Speaker 1: Jesse Horton and Dasheeda Dawson, Jesse Horton joins us again to discuss the MCPA outlook for 2017. Jesse shares that he's looking forward to the release of a study with UC Berkeley, which we'll showcase the level of involvement of communities of color in the cannabis industry. The ultimate goal, as Jesse tells us, is to utilize the prosperity of the industry to have a strong and lasting impact on communities of color as a whole. Dasheeda Dawson then joins us and takes us through her dynamic, personal and professional journey does she has a life philosophy that she coined in sport crossover and keep it moving. She's brought that to the fortune $500 and now she's bringing it to cannabis. Welcome to cannabis economy. I'm your host Seth Adler. Check us out on social with the handle can economy. That's two ends of the word economy. Dasheeda Dawson proceeded by Jesse Horton.
Speaker 2: Person that made it
Speaker 3: know the person that made it and who shall remain nameless. However, uh, you know, I would be remiss if not to open a with the fact that congratulations, you got a kid on the way. I mean, come on.
Speaker 2: Yeah. Yeah. Thank you very much. I don't think it's really quite hit me yet. Maybe a few, few, three, four months away from him actually being here. But um, it's, it's gonna be pretty awesome. I think.
Speaker 3: Yeah. You, you say three, four months away. Uh, you know, you and I are speaking in January, the due date. Uh, I don't believe it. Can you just share that for the audience?
Speaker 2: Yeah. The due date is actually April the 20th, the beloved for 20.
Speaker 3: Here's a guy who runs a, the MCPA. His kid is due on four slash 20. I mean, come on.
Speaker 2: Yeah, yeah, definitely. You can talk destiny
Speaker 3: that maybe gets into to, uh, the kid's name, but we'll leave that until April. I'm here. We go into 2017 and, you know, um, I wanted to talk to you about what, you know MCPA has in store for the year and how much that might have changed based on, um, you know, the, the new administration, if at all.
Speaker 2: I will say that very little. If anything has changed within MCPA as a result of the new administration. Um, if, if anything has changed, I think there's been a, a little bit more of a, a push toward, um, at least having some ear toward the federal legislation and not being, I as, as focused on the city and state policies. I think all of us know that city and state, you know, is really most important as it relates to your ability to have a business and fair policies, um, and fair enforcement of cannabis cannabis policies is definitely, you know, something that really happens at that local level. Um, however, as we look towards the expanding of the, of the cannabis industry and, and we understand that representative Earl Blumenauer and representative Dana Rohrabacher putting together the, the cannabis caucus in DC, um, we definitely want to have more of an understanding of how that's shaping up and what that means for a poor communities of color and for the industry as a whole.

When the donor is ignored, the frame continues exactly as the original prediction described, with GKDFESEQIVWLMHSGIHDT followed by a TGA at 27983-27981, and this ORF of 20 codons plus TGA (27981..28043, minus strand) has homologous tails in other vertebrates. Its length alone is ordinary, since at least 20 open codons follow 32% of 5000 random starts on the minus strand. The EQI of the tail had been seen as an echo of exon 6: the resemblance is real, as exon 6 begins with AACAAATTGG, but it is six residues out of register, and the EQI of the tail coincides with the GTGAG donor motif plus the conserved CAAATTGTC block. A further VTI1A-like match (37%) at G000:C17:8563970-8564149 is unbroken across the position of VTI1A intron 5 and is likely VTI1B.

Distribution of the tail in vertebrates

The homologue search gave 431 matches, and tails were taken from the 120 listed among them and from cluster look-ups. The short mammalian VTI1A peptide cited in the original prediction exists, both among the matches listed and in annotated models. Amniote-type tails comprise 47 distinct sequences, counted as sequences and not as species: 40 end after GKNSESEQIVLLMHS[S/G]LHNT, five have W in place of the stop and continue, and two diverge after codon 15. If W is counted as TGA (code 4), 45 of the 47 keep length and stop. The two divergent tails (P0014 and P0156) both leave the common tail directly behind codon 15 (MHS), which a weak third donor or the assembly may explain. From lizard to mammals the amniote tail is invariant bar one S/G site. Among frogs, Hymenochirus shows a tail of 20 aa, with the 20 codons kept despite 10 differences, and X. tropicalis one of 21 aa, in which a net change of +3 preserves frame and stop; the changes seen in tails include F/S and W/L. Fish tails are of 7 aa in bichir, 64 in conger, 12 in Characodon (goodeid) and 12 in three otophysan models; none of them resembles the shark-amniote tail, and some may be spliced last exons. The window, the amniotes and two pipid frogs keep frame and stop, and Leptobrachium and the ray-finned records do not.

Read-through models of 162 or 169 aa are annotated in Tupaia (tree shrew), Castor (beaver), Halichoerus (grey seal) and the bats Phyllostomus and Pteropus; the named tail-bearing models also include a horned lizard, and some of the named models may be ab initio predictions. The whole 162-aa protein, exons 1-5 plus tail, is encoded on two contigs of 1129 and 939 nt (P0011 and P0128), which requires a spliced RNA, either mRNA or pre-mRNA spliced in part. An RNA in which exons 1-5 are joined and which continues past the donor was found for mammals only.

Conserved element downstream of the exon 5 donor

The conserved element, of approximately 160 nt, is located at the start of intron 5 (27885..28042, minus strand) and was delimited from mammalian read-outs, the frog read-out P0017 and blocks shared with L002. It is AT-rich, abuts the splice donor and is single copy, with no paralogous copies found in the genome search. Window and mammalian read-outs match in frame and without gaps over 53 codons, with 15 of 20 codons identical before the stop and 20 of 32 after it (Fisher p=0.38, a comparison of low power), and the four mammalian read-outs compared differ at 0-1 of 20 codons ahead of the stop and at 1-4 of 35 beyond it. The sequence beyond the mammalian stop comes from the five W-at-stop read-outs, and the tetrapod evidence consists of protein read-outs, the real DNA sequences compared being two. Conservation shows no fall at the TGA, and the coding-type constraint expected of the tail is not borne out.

Speaker 3: Dana, Rebecca himself had a, a couple of folks from the industry that, uh, that we do know and I'll be checking in with those folks as well, uh, at the inauguration. So that was interesting to see, at least on a, on digital, so to speak. Right?
Speaker 2: Yeah, yeah, certainly, certainly. I'm really looking forward to seeing them at least what comes from that.
Speaker 3: Alright. So, so as far as MCPA, let's lay it out, you know, uh, though minority cannabis business association, what are you looking to accomplish? Um, you know, with the, with the association this year, you know, we've got a well now less than 12 months, but what do we want to do here?
Speaker 2: We're almost out of January already. Our real focus for this year is to make sure that we have strong program implementation and now we can, we can have more of a vision or making a real measurable and an impactful change I in, in communities of color and the industry as a whole. And um, the foundation for that is really laid by the study that we are hoping to release sometime in the first quarter of this year that we did with UC Berkeley. That gives us some type of, uh, uh, measuring set to get an understanding of the level of involvement of people, of color, communities of color. And what that means for the industry, um, and then that'll give us the basis to see how we can go about measuring on impact impacted or impactful programs. Things like, um, the, uh, the expungement program I rise up expungement day that we do with Marley will continue to do that and that's a lot easier to measure the amount of people that will get through that program. But our ultimate goal is to make sure that we have a, um, a strong and lasting impact on communities of color as a whole and that we help to utilize the prosperity of the industry to do that. And also that we show that by doing that it's an improvement in the industry so that of course it's going to take a lot of understanding, a lot of data and a lot of focused our programs to make sure that we can really tell that store.
Become a member to access to webinars, quarterly reports, contributor columns, shows, excerpts, and complete podcast transcripts